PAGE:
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Who Leaves? Teacher Attrition and Student Achievement

Donald Boyd, Pamela Grossman, Hamilton Lankford, Susanna Loeb, James Wyckoff
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Document date: March 01, 2009
Released online: April 16, 2009

The text below is an excerpt from the complete document. Read the full paper in PDF format.

Abstract

Teacher attrition has attracted considerable attention as federal, state and local policies- intended to improve student outcomes, increasingly focus on recruiting and retaining more qualified and effective teachers. But policy makers are often frustrated by the seemingly high rates of attrition among teachers earlier on in their careers. This paper analyzes attrition patterns among teachers in New York City elementary and middle schools and explores whether teachers who transfer among schools, or leave teaching entirely, are more or less effective than those who remain. Findings show first-year teachers who are less effective in improving student math scores have higher attrition rates than do more effective teachers. This raises important questions about current retention and transfer policies.


Introduction

Almost a quarter of entering public-school teachers leave teaching within the first three years (U.S. Department of Education, 2007). The rates are higher in schools with low academic achievement, leading many to conclude that policies to reduce teacher attrition are needed in order to improve student achievement. High attrition would be particularly problematic if those leaving were the more able teachers. While teachers who have stronger academic backgrounds, measured by test scores and the competitiveness of their undergraduate institutions, are more likely to leave teaching (Boyd et al., 2005), there is remarkably little evidence that documents the effectiveness of teachers who leave low-scoring schools. Employing estimates of the value novice teachers add to student testscore gains in New York City (NYC), the paper assesses the relative effectiveness of teachers who stay in their original school, transfer within NYC, transfer to another New York State (NYS) district, or leave NYS public schools. We pay particular attention to attrition patterns in lower-scoring schools and, for the teachers in these schools who transfer within the NYC public system, differences between the schools to which the relatively more and less effective teachers move.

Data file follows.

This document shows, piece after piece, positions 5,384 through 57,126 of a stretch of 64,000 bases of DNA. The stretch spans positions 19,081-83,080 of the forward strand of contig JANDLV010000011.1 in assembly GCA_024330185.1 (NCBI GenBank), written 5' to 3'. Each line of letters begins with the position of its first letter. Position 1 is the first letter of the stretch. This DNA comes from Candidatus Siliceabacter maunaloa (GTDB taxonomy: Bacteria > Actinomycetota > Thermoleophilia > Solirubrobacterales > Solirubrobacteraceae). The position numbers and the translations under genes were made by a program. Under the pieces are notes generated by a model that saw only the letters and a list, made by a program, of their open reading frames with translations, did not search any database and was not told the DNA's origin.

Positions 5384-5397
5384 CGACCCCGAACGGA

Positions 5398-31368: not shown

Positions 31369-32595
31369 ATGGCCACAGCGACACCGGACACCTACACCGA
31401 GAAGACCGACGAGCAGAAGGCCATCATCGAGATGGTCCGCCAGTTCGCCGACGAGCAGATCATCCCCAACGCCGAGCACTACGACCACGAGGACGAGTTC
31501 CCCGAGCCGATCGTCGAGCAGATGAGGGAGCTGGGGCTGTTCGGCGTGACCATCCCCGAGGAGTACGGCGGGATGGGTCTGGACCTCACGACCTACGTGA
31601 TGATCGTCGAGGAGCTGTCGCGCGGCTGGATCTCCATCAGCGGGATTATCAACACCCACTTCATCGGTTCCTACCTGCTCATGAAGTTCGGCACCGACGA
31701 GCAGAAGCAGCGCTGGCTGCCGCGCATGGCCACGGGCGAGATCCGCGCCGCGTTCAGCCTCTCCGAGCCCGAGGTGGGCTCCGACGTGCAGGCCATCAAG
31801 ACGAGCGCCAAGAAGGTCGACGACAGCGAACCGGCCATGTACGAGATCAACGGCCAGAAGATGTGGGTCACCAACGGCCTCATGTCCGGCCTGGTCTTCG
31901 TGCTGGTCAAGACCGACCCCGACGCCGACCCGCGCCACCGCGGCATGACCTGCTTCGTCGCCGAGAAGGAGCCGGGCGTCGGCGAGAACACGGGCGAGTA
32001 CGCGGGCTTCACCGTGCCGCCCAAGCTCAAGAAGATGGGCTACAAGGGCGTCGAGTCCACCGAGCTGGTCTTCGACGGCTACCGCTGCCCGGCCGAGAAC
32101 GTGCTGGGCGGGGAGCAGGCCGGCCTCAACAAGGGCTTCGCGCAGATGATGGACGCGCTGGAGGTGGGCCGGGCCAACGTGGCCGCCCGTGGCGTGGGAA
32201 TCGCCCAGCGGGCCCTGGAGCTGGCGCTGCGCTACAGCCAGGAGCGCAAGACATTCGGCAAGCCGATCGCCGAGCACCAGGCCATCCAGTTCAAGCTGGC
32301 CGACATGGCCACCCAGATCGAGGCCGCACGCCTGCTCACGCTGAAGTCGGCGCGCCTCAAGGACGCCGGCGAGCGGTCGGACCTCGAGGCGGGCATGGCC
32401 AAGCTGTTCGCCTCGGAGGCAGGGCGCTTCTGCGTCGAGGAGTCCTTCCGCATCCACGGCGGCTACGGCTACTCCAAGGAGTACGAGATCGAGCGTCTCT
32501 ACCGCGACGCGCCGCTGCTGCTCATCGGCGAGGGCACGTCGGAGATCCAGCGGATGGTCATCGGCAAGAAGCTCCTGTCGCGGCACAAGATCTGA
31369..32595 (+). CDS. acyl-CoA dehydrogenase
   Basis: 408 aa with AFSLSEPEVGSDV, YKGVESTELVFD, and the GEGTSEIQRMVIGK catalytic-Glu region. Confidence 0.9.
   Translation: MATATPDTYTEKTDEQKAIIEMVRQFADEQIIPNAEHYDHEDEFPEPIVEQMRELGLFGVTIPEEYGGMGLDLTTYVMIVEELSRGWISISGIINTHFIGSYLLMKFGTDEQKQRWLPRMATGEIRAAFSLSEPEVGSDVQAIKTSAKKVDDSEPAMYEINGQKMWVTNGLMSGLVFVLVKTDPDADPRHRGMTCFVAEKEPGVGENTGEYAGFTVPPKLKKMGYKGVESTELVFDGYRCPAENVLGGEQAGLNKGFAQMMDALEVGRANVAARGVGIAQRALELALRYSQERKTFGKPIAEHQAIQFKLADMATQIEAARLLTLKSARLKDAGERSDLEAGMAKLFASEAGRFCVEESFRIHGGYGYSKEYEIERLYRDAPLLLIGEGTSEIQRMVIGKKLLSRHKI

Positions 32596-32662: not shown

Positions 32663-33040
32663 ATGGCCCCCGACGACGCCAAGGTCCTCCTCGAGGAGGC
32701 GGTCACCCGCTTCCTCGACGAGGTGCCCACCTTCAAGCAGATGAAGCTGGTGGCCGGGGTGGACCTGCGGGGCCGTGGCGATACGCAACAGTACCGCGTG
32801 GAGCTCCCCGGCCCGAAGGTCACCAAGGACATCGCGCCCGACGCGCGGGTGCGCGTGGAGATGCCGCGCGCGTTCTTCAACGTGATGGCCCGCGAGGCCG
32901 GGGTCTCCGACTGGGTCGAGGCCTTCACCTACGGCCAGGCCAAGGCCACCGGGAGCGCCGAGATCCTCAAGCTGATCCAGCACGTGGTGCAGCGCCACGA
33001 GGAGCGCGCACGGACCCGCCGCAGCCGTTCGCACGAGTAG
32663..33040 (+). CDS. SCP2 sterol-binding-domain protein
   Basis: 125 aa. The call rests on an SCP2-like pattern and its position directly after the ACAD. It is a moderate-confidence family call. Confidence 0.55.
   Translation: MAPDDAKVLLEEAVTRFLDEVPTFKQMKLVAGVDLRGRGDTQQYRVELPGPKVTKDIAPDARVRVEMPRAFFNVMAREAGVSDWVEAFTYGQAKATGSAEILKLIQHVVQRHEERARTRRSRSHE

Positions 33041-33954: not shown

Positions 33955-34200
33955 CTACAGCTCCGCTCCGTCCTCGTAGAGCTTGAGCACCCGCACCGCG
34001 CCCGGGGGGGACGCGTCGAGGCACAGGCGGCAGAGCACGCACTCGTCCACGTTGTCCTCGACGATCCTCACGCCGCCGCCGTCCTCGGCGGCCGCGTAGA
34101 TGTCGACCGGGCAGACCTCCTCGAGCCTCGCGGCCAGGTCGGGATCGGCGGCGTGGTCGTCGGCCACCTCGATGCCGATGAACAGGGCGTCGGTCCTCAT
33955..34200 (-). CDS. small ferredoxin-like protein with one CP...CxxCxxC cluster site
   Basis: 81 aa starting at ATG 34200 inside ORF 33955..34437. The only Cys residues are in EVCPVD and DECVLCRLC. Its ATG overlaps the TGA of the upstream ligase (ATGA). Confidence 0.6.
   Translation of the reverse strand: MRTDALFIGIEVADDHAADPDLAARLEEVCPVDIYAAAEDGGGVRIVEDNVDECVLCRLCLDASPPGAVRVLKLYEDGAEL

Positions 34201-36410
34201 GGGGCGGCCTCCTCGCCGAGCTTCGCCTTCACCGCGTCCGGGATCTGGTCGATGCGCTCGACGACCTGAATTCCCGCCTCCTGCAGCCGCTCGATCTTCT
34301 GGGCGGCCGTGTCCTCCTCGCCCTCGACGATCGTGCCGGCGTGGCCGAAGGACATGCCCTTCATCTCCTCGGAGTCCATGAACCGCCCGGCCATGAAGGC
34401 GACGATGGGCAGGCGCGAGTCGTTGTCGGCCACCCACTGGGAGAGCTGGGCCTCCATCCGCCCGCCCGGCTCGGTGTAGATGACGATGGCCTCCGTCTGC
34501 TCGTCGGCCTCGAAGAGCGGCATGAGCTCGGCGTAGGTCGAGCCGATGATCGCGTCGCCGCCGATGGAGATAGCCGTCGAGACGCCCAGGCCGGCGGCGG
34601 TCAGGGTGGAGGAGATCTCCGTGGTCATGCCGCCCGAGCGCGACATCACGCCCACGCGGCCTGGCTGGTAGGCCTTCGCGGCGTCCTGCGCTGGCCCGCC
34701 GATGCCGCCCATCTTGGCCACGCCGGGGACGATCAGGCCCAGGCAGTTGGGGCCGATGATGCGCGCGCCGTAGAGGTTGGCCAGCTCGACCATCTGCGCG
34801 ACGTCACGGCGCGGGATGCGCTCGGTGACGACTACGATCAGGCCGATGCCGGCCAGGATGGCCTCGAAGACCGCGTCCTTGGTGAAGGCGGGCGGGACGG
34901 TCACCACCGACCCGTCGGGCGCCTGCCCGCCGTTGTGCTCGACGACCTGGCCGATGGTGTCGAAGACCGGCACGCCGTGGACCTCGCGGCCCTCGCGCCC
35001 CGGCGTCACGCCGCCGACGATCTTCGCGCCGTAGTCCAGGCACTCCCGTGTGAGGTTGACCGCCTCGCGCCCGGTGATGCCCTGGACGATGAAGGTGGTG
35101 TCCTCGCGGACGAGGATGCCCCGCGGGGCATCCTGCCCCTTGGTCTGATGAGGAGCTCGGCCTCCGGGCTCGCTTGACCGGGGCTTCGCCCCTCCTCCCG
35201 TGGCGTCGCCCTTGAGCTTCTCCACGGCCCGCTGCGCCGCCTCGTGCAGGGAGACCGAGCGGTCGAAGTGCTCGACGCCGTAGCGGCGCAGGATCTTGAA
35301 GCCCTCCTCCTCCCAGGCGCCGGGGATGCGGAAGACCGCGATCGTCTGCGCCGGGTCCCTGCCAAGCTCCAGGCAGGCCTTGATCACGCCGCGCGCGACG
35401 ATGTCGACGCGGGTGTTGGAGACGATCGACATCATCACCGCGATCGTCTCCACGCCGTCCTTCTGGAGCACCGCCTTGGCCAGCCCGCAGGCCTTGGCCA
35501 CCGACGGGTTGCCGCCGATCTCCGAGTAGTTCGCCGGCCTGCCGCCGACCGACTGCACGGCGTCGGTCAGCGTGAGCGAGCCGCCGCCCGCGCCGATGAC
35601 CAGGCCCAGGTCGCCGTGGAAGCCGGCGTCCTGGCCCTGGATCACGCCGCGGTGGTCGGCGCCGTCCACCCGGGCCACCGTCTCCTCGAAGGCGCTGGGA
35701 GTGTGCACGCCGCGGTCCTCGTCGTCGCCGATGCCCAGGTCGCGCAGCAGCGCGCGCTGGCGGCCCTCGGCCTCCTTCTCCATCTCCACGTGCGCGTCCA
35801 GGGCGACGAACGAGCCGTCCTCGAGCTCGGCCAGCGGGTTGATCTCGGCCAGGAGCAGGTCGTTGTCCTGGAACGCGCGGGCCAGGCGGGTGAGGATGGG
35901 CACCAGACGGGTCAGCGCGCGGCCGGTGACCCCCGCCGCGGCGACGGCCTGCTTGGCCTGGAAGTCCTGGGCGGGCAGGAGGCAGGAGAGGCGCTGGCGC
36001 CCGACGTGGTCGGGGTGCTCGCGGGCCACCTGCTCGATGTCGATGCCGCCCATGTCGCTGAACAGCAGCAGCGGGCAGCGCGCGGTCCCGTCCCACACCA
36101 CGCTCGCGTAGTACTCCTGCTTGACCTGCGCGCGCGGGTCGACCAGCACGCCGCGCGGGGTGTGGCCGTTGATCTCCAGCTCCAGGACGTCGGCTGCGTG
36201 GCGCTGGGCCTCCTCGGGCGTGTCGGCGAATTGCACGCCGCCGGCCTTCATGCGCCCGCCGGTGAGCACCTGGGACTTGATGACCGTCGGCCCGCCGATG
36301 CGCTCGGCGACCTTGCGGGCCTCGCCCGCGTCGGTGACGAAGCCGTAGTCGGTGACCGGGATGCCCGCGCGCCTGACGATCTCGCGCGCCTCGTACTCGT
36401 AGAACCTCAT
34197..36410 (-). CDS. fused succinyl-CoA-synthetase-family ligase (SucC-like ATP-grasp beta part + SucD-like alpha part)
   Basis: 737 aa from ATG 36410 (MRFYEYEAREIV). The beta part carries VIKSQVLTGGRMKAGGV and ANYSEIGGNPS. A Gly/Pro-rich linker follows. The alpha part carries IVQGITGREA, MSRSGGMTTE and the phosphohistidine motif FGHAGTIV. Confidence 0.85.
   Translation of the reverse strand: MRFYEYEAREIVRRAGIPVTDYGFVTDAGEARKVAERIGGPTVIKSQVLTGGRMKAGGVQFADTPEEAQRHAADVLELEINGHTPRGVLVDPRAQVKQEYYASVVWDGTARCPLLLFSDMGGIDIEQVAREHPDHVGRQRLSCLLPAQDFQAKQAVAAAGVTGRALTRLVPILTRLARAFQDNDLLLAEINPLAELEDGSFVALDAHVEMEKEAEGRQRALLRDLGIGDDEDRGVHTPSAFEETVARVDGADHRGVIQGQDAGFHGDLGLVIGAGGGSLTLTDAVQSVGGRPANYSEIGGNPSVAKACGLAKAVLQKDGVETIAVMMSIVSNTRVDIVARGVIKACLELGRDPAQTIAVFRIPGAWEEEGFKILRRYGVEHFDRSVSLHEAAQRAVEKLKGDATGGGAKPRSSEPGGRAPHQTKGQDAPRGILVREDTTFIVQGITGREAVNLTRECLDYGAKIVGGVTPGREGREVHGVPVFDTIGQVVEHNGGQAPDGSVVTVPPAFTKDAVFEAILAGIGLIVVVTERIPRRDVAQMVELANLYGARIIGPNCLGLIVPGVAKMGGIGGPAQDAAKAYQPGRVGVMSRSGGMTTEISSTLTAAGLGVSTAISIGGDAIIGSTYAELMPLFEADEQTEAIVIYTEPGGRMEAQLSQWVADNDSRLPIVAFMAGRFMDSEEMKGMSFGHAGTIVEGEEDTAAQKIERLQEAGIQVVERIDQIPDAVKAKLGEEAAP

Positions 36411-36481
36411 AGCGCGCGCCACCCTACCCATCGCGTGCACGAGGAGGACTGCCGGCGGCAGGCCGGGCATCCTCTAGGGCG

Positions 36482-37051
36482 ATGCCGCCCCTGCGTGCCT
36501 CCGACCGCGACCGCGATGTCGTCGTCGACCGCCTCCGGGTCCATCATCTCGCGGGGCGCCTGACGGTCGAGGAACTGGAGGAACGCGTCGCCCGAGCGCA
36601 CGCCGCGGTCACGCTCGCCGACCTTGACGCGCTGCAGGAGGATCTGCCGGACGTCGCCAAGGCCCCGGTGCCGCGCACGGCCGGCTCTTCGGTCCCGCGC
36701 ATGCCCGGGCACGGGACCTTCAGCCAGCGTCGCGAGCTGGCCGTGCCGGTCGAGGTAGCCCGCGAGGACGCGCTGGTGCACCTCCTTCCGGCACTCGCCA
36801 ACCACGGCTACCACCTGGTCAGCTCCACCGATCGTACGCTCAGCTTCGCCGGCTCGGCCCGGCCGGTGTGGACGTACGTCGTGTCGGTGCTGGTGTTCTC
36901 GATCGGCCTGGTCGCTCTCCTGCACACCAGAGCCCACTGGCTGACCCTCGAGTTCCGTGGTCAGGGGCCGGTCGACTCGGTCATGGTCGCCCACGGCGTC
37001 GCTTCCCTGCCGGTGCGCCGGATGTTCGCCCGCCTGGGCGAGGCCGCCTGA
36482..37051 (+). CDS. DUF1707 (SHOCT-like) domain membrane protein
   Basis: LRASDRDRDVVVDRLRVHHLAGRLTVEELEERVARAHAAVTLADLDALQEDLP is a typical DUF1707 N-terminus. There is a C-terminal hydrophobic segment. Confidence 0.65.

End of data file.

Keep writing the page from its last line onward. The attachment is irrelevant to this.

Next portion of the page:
Teacher retention may affect student learning in several ways. First, in high-turnover schools, students may be more likely to have inexperienced teachers who we know are less effective on average (Rockoff, 2004; Rivkin et al., 2005; Kane et al., 2006). Second, high turnover creates instability in schools, making it more difficult to have coherent instruction. This instability may be particularly problematic in schools trying to implement reforms, as new teachers coming in each year are likely to repeat mistakes, rather than improve upon reform implementation. Third, high turnover can be costly in that time and effort is needed to continuously recruit teachers. In addition to all these factors, turnover can reduce student learning if more effective teachers are the ones more likely to leave.

Recent research has dramatically increased our understanding of teacher retention (e.g., Boyd et al., 2005; Hanushek et al., 2004; Ingersoll & Smith, 2003 and 2004; Johnson, 2004; Loeb et al., 2005; Podgursky et al., 2004). These studies show that teacher mobility differs by the characteristics of both teachers and their students. Teachers are more likely to stay in schools having higher student achievement, and teachers – especially white teachers – are more likely to stay in schools with higher proportions of white students. Teachers who score higher on tests of academic achievement are more likely to leave, as are teachers whose home town is farther from the school in which they teach. Attributes of teachers and the students they teach appear to interact in important ways. In particular, teachers having stronger qualifications (as measured by general-knowledge certification-exam scores) are more likely to quit or transfer than are less-qualified teachers, especially if they teach in low-achieving schools (Boyd et al., 2005).

Whether reducing teacher attrition would improve the teacher workforce is an open question. How attrition affects the quality of the teacher workforce depends upon several factors, including the typical gains in effectiveness teachers realize from additional experience, how the average quality of entering cohorts of teachers differ from those who entered the profession earlier, and how turnover affects the functioning of the school and, in turn, the effectiveness of other teachers. A crucial factor is whether those teachers who leave teaching are more or less effective than their peers who remain.

(End of excerpt. The entire paper is available in PDF format.)



Topics/Tags: | Education


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